Léim ar aghaidh chuig an bpríomhábhar

Dáil Éireann díospóireacht -
Wednesday, 2 Aug 1961

Vol. 191 No. 14

Defamation Bill, 1961 — Report and Final Stages.

I move amendment No. 1:

In page 3, to delete all words after "newspaper" in line 23 down to and including "person" in line 25.

I urged this in Committee Stage. I have since discussed it with people. No one can tell me what it means. I got no answer here as to what it means. The suggestion was that it meant apportionment of responsibility. That was denied. That being the case, I can see no reason for this phrase being there.

The reason is as I indicated on the Committee Stage. It is a form of words meant to denote, in the first instance, a proprietor as sole proprietor and, secondly, people who own a newspaper in partnership. The amendment cannot be accepted because, if it were, the definition would be incomplete. I should like to point out that the word "means" is used immediately after "proprietor". It is not the word "includes". The word is "means". If we were to accept Deputy McGilligan's suggestion and delete the words after "newspaper" the definition would very definitely be defective because it would cover only those people who owned part of a newspaper and not the people who owned the other part.

Therefore, Deputy McGilligan's amendment is not acceptable. I have reconsidered the form of words and have consulted the draftsman with regard to them and I am quite satisfied that they do what they purport to do, namely, to cover both a sole proprietor and also a group of people who own a newspaper in common.

It is very odd there is no way of getting an explanation of what these words mean. Let it be agreed at once that one wants to be able to catch the sole proprietor of a newspaper where one person solely is controller. One also wants to catch, in the case of a divided proprietorship, each and every person who has any share. The provision says:

"Proprietor" means, as well as the sole proprietor of any newspaper, in the case of a divided proprietorship, the persons, who, as partners or otherwise, represent or are responsible for any share or interest in the newspaper....

Take a newspaper that is owned by eight people with equal shares. Every one of the eight is caught by leaving out the words I want removed.

Persons who are responsible for any share or interest in a newspaper — take A, B, C, right down the alphabet — it means that they are caught.

Why does it not? "‘Proprietor' means... the persons who, as partners or otherwise, reprepresent or are responsible for any share——"

Any one share.

It does not include the others.

If it said "includes" the Deputy would be right.

No. It means the persons——

That means it excludes everybody else.

It means the persons who are responsible for any share or interest in the newspaper — A, a person who owns one-eighth, B who owns one-eighth, C, who also owns one-eighth—it includes all those.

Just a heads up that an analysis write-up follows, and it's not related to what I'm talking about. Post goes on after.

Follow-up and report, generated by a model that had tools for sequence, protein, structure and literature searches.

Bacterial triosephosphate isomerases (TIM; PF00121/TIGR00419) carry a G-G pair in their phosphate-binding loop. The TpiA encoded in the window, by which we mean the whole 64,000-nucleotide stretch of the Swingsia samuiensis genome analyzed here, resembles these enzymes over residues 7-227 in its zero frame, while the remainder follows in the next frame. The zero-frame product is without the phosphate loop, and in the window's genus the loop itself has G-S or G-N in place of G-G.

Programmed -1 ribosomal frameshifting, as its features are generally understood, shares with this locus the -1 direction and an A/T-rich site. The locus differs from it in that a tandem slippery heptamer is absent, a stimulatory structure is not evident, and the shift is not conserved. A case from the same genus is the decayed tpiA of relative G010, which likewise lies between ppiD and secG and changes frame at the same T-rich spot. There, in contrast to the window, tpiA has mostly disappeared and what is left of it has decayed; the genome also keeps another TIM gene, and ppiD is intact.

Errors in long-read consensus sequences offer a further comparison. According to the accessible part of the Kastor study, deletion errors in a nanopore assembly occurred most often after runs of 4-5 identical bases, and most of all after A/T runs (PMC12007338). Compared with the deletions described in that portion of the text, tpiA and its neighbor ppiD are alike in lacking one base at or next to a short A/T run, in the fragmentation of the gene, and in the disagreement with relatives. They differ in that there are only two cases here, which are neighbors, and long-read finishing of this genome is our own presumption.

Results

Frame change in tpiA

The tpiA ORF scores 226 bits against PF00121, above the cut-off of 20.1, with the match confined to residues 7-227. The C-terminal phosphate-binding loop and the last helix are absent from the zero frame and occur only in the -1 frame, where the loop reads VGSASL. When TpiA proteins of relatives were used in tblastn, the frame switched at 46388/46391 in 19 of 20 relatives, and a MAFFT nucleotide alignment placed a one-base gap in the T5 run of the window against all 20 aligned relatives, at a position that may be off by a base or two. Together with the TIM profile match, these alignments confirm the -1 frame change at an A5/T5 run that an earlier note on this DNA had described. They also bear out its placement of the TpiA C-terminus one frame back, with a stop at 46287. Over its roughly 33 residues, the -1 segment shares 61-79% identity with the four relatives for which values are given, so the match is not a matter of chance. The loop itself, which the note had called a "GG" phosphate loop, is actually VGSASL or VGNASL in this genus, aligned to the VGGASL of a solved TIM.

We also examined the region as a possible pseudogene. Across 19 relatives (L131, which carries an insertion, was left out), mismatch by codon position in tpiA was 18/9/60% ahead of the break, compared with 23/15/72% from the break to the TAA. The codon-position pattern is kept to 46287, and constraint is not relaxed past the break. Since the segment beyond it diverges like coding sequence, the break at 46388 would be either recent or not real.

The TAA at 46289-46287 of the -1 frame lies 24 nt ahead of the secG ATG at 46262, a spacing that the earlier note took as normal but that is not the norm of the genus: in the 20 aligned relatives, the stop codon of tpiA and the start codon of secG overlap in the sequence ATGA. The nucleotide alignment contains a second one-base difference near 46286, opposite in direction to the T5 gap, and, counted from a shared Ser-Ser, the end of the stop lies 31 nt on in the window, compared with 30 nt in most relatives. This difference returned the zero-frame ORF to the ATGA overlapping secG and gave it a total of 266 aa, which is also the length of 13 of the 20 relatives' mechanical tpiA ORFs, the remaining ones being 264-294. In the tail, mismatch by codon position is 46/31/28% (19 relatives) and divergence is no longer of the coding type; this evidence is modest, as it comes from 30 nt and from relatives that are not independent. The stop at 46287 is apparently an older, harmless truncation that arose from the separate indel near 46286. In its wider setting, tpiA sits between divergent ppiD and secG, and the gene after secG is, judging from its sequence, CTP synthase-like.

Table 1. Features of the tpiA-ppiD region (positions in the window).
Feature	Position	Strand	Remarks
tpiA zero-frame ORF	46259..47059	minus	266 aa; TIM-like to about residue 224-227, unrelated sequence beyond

The word "means" is vital. "Proprietor" means the persons who own any share. That restricts it to those persons. It excludes all the others. In order to cover them you must bring in the second part of the definition.

"...the persons who, as partners or otherwise, represent or are responsible for any share." A represents some share, so does B, C and so on. They are all included. I cannot understand, in any event, what is added by saying "as between themselves and the persons in like manner representing or responsible for the other shares or interests therein, and no other person." What is added by that?

We have to cover all the persons.

I want to cover them all. Take the simple case where there are four people in a divided proprietorship. Each one of those four is caught.

I disagree.

The Parliamentary Secretary may disagree but they are covered because is each one of them not a person who represents a share or interest in a newspaper? I do not see what is left out.

Question —"That the words proposed to be deleted stand"— put and agreed to.

I move amendment No. 2:

In page 7, line 4, after "State" to insert "or in Northern Ireland".

We had arguments on this on the Committee Stage. Section 18 provides that there is privilege given to a fair and accurate report published in any newspaper. Newspaper means a newspaper either printed and published here or printed and published in Northern Ireland. That has already been arranged. However, if it is broadcast by means of wireless telegraphy as part of a programme or service provided by means of a broadcasting station within the State, I am asking in this amendment that "Northern Ireland" be included. What are we protecting in this provision? We are protecting a newspaper report or a broadcast of proceedings publicly heard before any court. To what court proceedings are we giving this protection? It is to "any court established by law and exercising judicial authority within the State." I cannot see why in the case of newspapers Northern Ireland is included but excluded in the case of broadcasting.

First of all let me mention a question Deputy Costello raised on the Committee Stage, the question of reciprocity. He asked to have it checked that in the matter of newspapers the British had not given us the rights he thought they had. I have had that position examined and it is quite clear. The British only extended the privileges in the 1952 Act to newspapers printed and published in Great Britain and the word that misled Deputy Declan Costello was the word "Dominions" in the Second Schedule, where it is used in an entirely different context. There is no doubt about that.